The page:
A taxi ploughed into a crowd of pedestrians Saturday in central Moscow, injuring seven people, according to Russian state news agency TASS.
Video published by state-run Sputnik news agency showed a taxi in slow traffic accelerating suddenly and veering sharply onto the curb, hitting pedestrians. The video showed the driver jumping out of the car and running across the street before being apprehended.
The Tass report, which cited emergency services, said the vehicle crashed into a traffic sign, then drove into the crowd on Ilyinka Street.
As has been reported by CNN, the incident occurred near Gostiny Dvor, a business and exhibition center near Red Square, where visitors have gathered amid World Cup festivities.
The man, who has been identified as a national of Kyrgyzstan, tried to flee the scene afterwards. Close to a dozen passersby ran to the car to try to detain the driver. He ran across a busy street before being tackled by members of the public.
Two Mexican citizens, both women, were injured, the Interfax news service reported. No one is reported to have died in the incident.
Russian authorities have portrayed the incident as an accident. Moscow mayor Sergei Sobyanin in a tweet wrote that the driver “lost control of his car”. Sobyanin said that he would be monitoring the incident personally. Police said they had charged the driver with several traffic violations for the incident, but did not announce any other charges.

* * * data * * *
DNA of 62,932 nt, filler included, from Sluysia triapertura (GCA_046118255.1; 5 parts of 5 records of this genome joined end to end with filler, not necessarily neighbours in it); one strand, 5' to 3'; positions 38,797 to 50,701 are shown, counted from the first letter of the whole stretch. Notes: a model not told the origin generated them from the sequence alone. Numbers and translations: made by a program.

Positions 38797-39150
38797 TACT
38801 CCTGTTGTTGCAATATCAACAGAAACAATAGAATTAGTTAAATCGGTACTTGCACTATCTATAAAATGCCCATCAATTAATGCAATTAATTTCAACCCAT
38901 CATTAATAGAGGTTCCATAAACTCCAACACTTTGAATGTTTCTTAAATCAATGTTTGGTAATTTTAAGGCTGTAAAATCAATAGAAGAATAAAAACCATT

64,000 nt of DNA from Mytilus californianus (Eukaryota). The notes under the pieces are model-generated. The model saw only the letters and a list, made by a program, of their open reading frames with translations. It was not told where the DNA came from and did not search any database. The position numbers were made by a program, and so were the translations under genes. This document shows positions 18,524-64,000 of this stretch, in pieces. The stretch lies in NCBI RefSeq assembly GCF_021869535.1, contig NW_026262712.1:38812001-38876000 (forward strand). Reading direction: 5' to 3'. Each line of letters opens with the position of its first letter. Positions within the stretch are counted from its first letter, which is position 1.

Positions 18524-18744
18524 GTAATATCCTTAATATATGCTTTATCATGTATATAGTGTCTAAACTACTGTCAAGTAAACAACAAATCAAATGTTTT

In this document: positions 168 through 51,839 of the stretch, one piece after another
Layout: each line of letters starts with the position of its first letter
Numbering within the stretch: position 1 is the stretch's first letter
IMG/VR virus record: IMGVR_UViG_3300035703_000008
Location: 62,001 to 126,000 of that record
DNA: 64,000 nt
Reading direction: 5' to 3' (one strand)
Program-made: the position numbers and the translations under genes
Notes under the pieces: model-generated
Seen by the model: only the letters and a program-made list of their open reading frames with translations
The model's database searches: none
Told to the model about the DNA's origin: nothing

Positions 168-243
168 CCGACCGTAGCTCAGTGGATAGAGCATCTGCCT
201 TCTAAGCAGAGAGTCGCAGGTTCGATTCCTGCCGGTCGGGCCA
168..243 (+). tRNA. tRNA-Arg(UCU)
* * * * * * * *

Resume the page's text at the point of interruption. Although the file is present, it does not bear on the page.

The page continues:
Russian media have published reports that the government has issued a blackout on news about crimes committed during the World Cup to maintain a positive image while so many foreigners are in the country.
Russian cities have increased security during the month of the World Cup. Transportation has been shut down in certain cities on match days, with the security measures so extreme that the city of Volgograd has declared match days as public holidays.
The press service for Moscow’s road traffic management centre told Interfax that the driver is a Kyrgyz citizen and licensed to work as a taxi driver, but not accredited to work during the World Cup.